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1.  Lipid control and use of lipid-regulating drugs for prevention of cardiovascular events in Chinese type 2 diabetic patients: a prospective cohort study 
Dyslipidaemia is an important but modifiable risk factor of cardiovascular disease (CVD) in type 2 diabetes. Yet, the effectiveness of lipid regulating drugs in Asians is lacking. We examined the effects of lipid control and treatment with lipid regulating drugs on new onset of CVD in Chinese type 2 diabetic patients.
In this prospective cohort consisting of 4521 type 2 diabetic patients without history of CVD and naïve for lipid regulating treatment recruited consecutively from 1996 to 2005, 371 developed CVD after a median follow-up of 4.9 years. We used Cox proportional hazard regression to obtain the hazard ratios (HR) of lipids and use of lipid regulating drugs for risk of CVD.
The multivariate-adjusted HR (95% confidence interval) of CVD in patients with high LDL-cholesterol (≥ 3.0 mmol/L) was 1.36 (1.08 - 1.71), compared with lower values. Using the whole range value of HDL-cholesterol, the risk of CVD was reduced by 41% with every 1 mmol/L increase in HDL-cholesterol. Plasma triglyceride did not predict CVD. Statins use was associated with lower CVD risk [HR = 0.66 (0.50 - 0.88)]. In sub-cohort analysis, statins use was associated with a HR of 0.60 (0.44 - 0.82) in patients with high LDL-cholesterol (≥ 3.0 mmol/L) and 0.49 (0.28 - 0.88) in patients with low HDL-cholesterol. In patients with LDL-cholesterol < 3.0 mmol/L, use of fibrate was associated with HR of 0.34 (0.12 - 1.00). Only statins were effective in reducing incident CVD in patients with metabolic syndrome [(HR = 0.58(0.42--0.80)].
In Chinese type 2 diabetic patients, high LDL-cholesterol and low HDL-cholesterol predicted incident CVD. Overall, patients treated with statins had 40-50% risk reduction in CVD compared to non-users.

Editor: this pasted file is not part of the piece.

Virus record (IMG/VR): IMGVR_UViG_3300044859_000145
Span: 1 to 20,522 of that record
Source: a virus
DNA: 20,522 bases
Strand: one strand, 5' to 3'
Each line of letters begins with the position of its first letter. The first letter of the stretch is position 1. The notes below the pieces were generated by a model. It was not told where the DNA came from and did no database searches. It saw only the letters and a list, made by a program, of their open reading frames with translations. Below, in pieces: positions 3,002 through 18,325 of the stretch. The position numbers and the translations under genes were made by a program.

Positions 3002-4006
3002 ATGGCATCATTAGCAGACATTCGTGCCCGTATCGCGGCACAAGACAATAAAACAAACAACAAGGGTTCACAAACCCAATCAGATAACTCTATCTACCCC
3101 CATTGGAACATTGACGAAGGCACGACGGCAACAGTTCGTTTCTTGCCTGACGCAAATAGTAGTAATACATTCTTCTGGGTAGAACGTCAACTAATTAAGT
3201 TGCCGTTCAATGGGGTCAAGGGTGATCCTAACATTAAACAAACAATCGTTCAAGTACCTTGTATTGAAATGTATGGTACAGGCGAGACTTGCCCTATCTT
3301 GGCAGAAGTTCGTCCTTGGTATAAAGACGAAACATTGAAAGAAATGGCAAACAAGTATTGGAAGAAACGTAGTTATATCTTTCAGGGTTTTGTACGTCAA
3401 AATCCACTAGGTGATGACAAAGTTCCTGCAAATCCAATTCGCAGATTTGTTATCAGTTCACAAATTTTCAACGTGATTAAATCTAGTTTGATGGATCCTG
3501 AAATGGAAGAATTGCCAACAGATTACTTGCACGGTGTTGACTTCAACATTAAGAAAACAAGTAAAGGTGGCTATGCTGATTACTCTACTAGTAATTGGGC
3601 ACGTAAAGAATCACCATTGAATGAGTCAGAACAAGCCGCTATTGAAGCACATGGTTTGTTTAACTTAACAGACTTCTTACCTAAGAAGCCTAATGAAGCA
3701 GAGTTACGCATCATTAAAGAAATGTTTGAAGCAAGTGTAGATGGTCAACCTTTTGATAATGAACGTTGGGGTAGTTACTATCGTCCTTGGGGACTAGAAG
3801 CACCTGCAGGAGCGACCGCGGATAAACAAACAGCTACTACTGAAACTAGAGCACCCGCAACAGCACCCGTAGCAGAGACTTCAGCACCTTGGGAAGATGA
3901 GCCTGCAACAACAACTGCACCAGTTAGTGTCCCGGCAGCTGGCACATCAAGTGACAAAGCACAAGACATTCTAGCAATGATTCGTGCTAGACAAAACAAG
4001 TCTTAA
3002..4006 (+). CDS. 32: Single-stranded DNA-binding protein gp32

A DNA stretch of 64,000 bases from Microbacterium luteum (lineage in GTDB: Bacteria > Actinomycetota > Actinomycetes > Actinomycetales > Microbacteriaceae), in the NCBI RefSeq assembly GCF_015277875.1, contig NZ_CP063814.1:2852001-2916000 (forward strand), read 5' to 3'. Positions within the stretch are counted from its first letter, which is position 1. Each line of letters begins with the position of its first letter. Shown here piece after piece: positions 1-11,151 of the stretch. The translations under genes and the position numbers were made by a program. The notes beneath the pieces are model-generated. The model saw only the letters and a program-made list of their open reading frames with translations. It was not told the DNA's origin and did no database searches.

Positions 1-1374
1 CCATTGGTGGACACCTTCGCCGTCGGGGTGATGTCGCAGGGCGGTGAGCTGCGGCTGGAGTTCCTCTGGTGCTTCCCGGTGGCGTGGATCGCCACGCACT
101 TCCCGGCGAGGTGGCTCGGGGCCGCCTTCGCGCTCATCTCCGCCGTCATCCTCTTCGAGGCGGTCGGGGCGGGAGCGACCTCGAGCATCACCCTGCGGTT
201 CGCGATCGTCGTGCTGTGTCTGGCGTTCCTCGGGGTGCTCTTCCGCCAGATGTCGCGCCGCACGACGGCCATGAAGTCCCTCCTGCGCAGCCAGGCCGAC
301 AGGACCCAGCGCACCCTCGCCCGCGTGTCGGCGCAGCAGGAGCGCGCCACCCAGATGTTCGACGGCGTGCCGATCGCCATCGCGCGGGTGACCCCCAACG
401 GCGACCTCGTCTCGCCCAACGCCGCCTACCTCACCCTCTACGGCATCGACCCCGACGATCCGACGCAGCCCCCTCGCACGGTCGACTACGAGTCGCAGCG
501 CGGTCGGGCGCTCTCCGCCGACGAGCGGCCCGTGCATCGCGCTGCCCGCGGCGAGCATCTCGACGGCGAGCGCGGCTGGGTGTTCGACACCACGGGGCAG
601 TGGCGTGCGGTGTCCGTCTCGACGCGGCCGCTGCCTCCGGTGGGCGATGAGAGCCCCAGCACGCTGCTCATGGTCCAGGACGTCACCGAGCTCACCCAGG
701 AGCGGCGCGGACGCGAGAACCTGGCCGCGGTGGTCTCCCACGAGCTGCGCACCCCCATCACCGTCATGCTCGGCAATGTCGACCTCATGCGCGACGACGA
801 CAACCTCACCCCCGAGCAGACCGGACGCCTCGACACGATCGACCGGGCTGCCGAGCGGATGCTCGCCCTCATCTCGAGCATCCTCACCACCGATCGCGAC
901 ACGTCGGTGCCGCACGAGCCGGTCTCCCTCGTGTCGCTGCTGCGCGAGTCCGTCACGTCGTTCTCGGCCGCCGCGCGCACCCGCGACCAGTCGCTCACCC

PMCID: PMC3004819  PMID: 21092182
2.  Lack of benefits for prevention of cardiovascular disease with aspirin therapy in type 2 diabetic patients - a longitudinal observational study 
The risk-benefit ratio of aspirin therapy in prevention of cardiovascular disease (CVD) remains contentious, especially in type 2 diabetes. This study examined the benefit and harm of low-dose aspirin (daily dose < 300 mg) in patients with type 2 diabetes.
This is a longitudinal observational study with primary and secondary prevention cohorts based on history of CVD at enrolment. We compared the occurrence of primary composite (non-fatal myocardial infarction or stroke and vascular death) and secondary endpoints (upper GI bleeding and haemorrhagic stroke) between aspirin users and non-users between January 1995 and July 2005.
Of the 6,454 patients (mean follow-up: median [IQR]: 4.7 [4.4] years), usage of aspirin was 18% (n = 1,034) in the primary prevention cohort (n = 5731) and 81% (n = 585) in the secondary prevention cohort (n = 723). After adjustment for covariates, in the primary prevention cohort, aspirin use was associated with a hazard-ratio of 2.07 (95% CI: 1.66, 2.59, p < 0.001) for primary endpoint. There was no difference in CVD event rate in the secondary prevention cohort. Overall, aspirin use was associated with a hazard-ratio of 2.2 (1.53, 3.15, p < 0.001) of GI bleeding and 1.71 (1.00, 2.95, p = 0.051) of haemorrhagic stroke. The absolute risk of aspirin-related GI bleeding was 10.7 events per 1,000 person-years of treatment.
In Chinese type 2 diabetic patients, low dose aspirin was associated with a paradoxical increase in CVD risk in primary prevention and did not confer benefits in secondary prevention. In addition, the risk of GI bleeding in aspirin users was rather high.
PMCID: PMC2777137  PMID: 19878541